Excellent blog post. This has been an ongoing conversation in New England and one that I have been having since 2010 in Massachusetts. Many of you know that I am a very strong advocate of aggressive, targeted spay/neuter programs and deep diving into communities to help with other supportive programs. I envision shelters becoming more of a community outreach center providing all kinds of supportive care(as well as a cat cafe or two). Yes, they will still serve as safety nets but with a lower volume. So.. the question of the sourcing new cats for adoption(kittens and young friendly, healthy adult cats) is a very good one. I do think even in New England we have quite a few cats and kittens that are being "left behind" in their communities that could be assisted by adoption programs since they are still waiting for folks to bring cats to the shelters and aren't out in the community, but that may be changing. Larger organizations now have trapping agents and community outreach liaisons which will help reach the communities that need assistance. In my dream world we could see more community outreach liaisons and trapping agents than animal law enforcement officers.

    Right now, trapper agents(locally) and transport(out of state) are sourcing many of the kittens and friendly adults in Massachusetts. I do believe if spay/neuter programs scale back you will see an increase of postings online about free kittens. Not sure if they will make it to the shelter though. I don't believe that is the way to go.

    Anyone know what happens in other countries that have lower over-population rates?

    I would like to be added to the list.

    • Susan Houser    July 07, 2018 at 06:20 AM

      Hi Stacy -- I'll add you to the list. You make a great suggestion about looking at other countries that have few homeless pets to see where they get pets. I believe Sweden and some other European countries fall into that category, and Great Britain to some extent. I'd never thought of that and it's a wonderful idea.

  • Joyce    July 06, 2018 at 10:55 PM

    Excellent blog, Karen. Thank you! I have been thinking about this for awhile with a growing passion for the topic and would love to be on your list. This is Joyce Briggs with the Alliance for Contraception in Cats & Dogs working on non-surgical fertility control, I also volunteer with the Animal Shelter Alliance of Portland. I believe that as market demand for dogs as pets increasingly surpasses supply, organizations with animal welfare missions need to be in leadership roles to help provide balance- or else that demand will be met by entities with very different missions. We should not abandon animals in need of rehoming, but we need to grapple with how to reinvent ourselves, and I can imagine that intentional breeding is part of that picture. These complexities are a challenge to navigate with donors, but that doesn't mean the hard work to evolve or even transform isn't important. Thanks again, and please keep me posted.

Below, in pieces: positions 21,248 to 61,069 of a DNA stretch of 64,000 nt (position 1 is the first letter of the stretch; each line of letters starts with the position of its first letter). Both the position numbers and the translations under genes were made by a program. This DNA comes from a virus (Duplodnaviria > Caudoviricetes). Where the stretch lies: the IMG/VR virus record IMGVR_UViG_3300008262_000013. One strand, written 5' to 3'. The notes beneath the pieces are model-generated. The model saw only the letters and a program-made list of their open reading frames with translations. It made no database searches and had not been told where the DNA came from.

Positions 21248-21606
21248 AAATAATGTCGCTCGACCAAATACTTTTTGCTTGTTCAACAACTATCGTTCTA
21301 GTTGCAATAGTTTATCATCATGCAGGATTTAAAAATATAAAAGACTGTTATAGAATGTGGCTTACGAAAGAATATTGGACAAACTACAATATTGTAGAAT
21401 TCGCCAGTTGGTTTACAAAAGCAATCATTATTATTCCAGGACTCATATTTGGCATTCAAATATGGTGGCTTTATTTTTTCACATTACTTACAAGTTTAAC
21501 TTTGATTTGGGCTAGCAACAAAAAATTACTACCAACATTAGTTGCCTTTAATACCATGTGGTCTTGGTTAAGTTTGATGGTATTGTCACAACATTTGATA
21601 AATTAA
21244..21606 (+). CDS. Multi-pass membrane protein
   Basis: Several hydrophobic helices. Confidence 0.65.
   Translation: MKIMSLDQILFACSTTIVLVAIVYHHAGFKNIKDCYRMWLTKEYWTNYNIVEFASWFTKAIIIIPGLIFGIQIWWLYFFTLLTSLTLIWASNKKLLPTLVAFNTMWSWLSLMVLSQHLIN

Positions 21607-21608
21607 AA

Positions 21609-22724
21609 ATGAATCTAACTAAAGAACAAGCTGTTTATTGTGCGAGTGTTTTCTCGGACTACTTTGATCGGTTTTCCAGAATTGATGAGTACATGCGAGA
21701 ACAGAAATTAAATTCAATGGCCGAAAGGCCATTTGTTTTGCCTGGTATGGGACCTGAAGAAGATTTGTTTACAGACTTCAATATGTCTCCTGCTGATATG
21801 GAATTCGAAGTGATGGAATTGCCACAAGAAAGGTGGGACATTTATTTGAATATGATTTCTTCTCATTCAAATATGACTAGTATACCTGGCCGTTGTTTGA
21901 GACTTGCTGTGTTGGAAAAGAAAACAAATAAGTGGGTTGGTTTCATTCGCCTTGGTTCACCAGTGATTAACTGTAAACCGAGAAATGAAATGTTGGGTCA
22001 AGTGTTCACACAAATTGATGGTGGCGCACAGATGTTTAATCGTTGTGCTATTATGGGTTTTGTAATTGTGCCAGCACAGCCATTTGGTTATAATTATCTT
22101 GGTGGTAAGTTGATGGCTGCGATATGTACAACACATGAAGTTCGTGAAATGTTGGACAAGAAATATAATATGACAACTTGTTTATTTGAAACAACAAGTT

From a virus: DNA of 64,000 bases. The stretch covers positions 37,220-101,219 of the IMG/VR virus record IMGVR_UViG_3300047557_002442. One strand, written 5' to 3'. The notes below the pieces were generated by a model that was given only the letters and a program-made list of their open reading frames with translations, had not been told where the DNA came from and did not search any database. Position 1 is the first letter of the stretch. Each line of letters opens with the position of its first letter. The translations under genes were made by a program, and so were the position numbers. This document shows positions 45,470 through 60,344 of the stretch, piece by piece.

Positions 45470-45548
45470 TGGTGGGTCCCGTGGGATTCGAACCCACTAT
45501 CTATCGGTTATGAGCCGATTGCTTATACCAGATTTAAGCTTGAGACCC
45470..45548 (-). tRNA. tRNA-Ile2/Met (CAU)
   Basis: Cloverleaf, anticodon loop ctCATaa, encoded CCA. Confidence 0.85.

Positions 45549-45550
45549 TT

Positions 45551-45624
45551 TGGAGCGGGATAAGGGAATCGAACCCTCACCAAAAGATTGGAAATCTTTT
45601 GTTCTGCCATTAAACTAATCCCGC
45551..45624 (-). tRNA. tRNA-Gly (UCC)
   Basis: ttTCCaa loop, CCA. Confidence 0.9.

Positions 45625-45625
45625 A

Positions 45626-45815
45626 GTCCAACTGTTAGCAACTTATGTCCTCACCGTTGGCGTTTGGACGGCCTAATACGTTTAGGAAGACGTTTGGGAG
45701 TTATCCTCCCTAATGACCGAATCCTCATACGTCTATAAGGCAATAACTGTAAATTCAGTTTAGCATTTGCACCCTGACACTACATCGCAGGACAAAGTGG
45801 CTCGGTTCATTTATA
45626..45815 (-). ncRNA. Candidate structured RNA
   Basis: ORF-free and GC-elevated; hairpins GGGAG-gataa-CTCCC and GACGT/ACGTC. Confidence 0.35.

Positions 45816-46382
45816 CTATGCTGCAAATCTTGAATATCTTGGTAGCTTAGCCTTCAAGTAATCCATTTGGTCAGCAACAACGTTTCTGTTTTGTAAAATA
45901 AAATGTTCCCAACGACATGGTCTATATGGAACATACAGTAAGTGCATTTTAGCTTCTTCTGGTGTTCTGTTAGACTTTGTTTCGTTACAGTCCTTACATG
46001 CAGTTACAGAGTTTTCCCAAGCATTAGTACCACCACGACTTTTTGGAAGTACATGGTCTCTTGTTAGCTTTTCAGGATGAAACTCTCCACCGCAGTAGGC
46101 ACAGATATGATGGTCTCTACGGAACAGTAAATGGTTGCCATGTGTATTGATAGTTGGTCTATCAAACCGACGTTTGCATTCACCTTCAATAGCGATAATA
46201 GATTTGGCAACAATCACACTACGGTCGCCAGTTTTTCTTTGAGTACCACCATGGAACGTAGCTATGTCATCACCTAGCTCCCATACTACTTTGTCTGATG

• Susan Houser    July 07, 2018 at 06:22 AM

      Thank you Joyce -- will definitely add you to the list. Maybe we should start by forming a group within Maddie's Pet Forum. -- Susan

      • Kim at Maddie's   Maddie's Fund Staff  July 10, 2018 at 12:30 PM

        Susan, adding a group within the forum for this topic is a great idea! Please let me or Charlotte know if you need help setting it up when you're ready.

  • Scott PRC Tampa    July 06, 2018 at 06:03 AM

    We are already seeing a shift in public animal sheltering and it appears that the longer term goal will be to have the private sector take the sheltering piece and the government continue to run animal control. On the good side we are starting to see proactive work in the field rather than the "gotcha - ticket issued" mentality. Our County approved two positions that are designated to help improve pet ownership in the field rather than write citations. They will provide resources as needed to those that just can't afford doing things right or are just ignorant to good pet ownership principles due to generations of old school thought. The strong likelihood for government entities is to provide certain programs akin to social services to help pet owners - pet food banks, low cost services, and other owner improvement. Due to the relentless attacks by a small number of public "advocates" against everything public shelters do even though they achieve high results is pushing politicians to want to get out of the adoption business. The big challenge is that the private sector is not prepared to take on the tens of thousands of animals that come in as strays and to deal with tough issues like dogs with bite histories. The role of private shelters is slowly declining because the government has been forced into a position of operating like a real shelter with full programming. The time is now to begin to have those talks about what the various roles will be in the future because real change is happening as we speak and often behind closed doors. Reductions in staffing and funding have been taking place across the country from an animal control/public sheltering perspective - let's hope that it not counter productive to our ultimate goal of ending unnecessary euthanasia of adoptable pets.